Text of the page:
‘The Innkeepers’ Is a Classic and Creepy Ghost Story
Director (/writer/editor/producer) Ti West is one of those low budget, independent filmmakers that has managed to secure a lot of attention for himself and amass a pretty devoted following, both in audiences and in critical circles alike. Having seen the bulk of his films, I was never quite won over. He made waves with The House of the Devil, a slow, slow, slow burn of a film that was cool and creepy, but ultimately just a little too…slow.
It came as no surprise when his film The Innkeepers again started garnering praise – after all, even his less than great films got a lot of attention. Now, even at less than great, the films are often watchable if not outright good, just of a much different tempo than I prefer. That said, I pressed play on The Innkeepers knowing little other than Ti West made it and people seemed to love it.
A side effect of a slow burn film is that often not much happens in terms of murdering fools. Two people don’t make it through this one.
There is a bloody ghost face, a bloody bath tub, a nasty cut to the head, and a fall down some stairs. The gore is minimal, but effective when it’s there.
Claire (Sara Paxton) is cute and geeky.
When someone advises you to either avoid an area or leave an area, do so. Especially when they’ve got psychic powers!
I can say without much hesitation, The Innkeepers is my favorite Ti West film. It’s also his strongest, in terms of writing, directing, and pacing. That said, the film still has a slow-burn start. There is no inciting incident within the first ten pages to shock you, rather we meet the characters and just go from there. Slowly.
The characters, Claire (Sara Paxton) and Luke (Pat Healy) are likable enough and their dialog is good, but even when you’re hanging with people you like, if you’re not doing anything, you can grow kind of bored. The relationship between the two characters is friendly and cute; it works to draw you in, but eventually that nagging thought of “Where are the ghosts already?” starts to appear.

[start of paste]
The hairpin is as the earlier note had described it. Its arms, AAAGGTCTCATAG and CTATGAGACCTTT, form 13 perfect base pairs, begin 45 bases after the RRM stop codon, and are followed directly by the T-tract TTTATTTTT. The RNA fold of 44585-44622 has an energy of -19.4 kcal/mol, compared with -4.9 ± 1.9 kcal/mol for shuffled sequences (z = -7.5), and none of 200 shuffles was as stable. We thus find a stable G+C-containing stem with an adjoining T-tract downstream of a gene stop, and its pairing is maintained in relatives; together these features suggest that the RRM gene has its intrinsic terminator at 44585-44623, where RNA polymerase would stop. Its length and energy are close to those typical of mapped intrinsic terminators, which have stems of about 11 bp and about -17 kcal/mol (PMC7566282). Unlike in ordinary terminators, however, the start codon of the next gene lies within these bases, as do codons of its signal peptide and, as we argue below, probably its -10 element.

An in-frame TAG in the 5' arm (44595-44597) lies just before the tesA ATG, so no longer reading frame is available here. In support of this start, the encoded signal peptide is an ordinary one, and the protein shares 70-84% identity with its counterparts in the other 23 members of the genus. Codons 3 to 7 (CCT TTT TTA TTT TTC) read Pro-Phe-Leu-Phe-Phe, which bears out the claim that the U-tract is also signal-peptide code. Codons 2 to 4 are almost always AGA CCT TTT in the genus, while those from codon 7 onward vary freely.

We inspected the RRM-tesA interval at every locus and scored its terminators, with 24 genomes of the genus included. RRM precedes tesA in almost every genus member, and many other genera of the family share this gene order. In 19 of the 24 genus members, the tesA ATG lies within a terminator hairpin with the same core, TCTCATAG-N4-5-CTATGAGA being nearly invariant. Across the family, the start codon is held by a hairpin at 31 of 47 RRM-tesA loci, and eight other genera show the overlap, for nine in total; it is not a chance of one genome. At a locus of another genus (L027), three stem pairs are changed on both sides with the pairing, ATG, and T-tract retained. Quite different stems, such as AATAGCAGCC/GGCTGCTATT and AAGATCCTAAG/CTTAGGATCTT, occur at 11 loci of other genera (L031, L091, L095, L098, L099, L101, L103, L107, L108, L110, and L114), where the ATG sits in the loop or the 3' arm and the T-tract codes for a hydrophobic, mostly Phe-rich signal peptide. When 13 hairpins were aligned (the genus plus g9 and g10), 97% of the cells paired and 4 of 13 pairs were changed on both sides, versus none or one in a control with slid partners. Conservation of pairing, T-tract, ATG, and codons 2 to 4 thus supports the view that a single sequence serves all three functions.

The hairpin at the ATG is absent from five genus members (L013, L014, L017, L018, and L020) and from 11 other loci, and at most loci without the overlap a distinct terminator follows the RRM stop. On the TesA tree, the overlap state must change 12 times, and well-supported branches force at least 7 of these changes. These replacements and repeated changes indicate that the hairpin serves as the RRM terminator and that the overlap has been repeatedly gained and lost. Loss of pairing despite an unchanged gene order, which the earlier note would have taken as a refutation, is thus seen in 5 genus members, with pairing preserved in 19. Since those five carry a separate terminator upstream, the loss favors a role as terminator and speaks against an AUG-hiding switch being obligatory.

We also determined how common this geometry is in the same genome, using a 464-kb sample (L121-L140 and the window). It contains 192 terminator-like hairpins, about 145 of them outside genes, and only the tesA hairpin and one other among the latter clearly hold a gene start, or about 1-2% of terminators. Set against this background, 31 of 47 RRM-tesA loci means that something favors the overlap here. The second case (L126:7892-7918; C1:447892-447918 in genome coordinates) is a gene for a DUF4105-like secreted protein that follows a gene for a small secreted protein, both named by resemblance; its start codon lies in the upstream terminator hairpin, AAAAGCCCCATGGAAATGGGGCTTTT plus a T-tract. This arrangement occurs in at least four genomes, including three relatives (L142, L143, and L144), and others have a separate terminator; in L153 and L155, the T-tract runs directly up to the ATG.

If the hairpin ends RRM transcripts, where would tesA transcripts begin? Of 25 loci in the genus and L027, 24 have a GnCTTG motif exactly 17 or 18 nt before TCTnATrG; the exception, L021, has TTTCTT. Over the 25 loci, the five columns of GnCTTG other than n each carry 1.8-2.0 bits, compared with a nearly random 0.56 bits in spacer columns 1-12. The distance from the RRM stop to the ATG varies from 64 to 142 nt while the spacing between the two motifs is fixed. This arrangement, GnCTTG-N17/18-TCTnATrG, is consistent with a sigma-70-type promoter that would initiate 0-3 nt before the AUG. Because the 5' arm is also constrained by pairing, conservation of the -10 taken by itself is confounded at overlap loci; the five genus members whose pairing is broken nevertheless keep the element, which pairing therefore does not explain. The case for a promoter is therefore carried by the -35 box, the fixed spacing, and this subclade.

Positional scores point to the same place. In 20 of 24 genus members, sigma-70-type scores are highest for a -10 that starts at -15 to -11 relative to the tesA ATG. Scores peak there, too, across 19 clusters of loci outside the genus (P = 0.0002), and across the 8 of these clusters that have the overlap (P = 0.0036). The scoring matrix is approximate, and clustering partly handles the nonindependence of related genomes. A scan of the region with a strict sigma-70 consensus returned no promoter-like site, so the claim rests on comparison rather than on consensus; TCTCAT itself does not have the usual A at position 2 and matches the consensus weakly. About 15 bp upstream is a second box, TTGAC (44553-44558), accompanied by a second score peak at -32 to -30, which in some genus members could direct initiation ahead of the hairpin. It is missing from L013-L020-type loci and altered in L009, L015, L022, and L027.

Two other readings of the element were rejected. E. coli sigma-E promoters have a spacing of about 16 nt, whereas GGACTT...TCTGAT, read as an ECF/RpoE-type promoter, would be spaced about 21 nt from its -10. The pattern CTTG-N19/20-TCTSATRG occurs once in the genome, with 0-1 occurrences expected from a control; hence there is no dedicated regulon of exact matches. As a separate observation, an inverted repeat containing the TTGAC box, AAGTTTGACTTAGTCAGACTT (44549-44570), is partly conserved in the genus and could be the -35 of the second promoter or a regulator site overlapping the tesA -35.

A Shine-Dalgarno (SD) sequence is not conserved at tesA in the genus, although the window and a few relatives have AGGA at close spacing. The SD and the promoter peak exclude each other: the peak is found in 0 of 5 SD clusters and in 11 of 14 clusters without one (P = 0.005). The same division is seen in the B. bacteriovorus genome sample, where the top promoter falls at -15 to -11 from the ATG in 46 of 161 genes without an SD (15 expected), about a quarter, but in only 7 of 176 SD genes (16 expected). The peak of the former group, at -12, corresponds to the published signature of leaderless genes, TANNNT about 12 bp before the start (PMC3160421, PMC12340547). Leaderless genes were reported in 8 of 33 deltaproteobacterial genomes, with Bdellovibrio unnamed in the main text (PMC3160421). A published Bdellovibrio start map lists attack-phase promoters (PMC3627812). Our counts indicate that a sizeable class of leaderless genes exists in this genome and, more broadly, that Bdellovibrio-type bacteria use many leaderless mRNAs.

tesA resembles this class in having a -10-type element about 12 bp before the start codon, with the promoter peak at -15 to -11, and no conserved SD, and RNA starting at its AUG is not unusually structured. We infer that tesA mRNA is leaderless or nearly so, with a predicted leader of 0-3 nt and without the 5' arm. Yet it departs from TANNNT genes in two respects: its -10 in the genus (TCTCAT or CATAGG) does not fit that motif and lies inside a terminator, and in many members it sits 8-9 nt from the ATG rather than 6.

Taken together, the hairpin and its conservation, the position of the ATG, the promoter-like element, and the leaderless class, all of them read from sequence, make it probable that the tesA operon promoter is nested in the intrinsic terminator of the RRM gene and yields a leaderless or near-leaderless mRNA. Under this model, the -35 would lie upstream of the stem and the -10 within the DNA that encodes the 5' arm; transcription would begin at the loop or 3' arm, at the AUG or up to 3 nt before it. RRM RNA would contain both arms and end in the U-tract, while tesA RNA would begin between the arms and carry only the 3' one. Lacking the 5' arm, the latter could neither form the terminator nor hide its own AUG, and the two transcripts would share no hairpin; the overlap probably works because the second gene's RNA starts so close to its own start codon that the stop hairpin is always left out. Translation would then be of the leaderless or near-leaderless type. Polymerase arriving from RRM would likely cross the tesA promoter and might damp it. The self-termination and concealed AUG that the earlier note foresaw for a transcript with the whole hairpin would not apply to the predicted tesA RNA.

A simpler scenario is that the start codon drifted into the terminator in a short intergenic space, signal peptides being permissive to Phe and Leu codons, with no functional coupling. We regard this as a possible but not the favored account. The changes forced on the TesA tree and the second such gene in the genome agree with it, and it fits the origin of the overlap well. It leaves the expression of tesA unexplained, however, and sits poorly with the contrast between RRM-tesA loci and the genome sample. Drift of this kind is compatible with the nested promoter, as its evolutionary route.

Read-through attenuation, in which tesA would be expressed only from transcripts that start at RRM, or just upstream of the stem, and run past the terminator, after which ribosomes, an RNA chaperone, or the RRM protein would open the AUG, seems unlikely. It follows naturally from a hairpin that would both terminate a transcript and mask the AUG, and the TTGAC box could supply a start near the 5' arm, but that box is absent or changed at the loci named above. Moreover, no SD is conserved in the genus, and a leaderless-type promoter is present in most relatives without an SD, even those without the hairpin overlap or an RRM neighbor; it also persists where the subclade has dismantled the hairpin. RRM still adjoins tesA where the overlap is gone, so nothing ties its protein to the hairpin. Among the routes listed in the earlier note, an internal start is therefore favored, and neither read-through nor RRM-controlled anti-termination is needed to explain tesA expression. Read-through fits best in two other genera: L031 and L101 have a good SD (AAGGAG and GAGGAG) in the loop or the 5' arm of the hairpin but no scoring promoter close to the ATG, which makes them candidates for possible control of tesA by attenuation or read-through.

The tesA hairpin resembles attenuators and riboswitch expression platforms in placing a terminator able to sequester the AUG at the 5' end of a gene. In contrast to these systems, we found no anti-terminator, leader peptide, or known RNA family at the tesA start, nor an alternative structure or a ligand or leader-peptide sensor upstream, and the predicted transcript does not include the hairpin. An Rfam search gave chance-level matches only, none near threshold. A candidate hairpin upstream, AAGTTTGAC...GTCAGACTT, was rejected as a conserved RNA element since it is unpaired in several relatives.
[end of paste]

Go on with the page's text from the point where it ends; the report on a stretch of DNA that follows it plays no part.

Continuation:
When spooky shit does start to happen, the film shines in a classical way. There is the slowly rising bed sheets, the ghostly face reveal, and plenty of creepy shots. The film never assaults you with scary imagery, like 13 Ghosts or something, but rather just calmly inserts the ghosts into the story at opportune moments to creep you out.
If there is a problem, aside from the early pacing, it would be when Claire most certainly encounters a ghost – straight up sees it, looks her in the eye, and gets freaked out, but then doesn’t really do anything about it. By the next morning she is cool, ready to drink and play games mocking ghosts, and Luke seems disinterested or unbelieving in the fact that she was literally face to face with a ghost. That would have been my cue to get the fuck out of Dodge.
Still, these slight problems aside, The Innkeepers is a classical, measured ghost film that avoids the in your face attitude of horror these days and opts for a more subtle and ultimately more effective route to scare you. when the ghosts are there, the film is spectacular and spooky. The characters are likable and relatable. All in all, The Innkeepers is a creepy film that satisfies, if it takes a touch too long in getting started.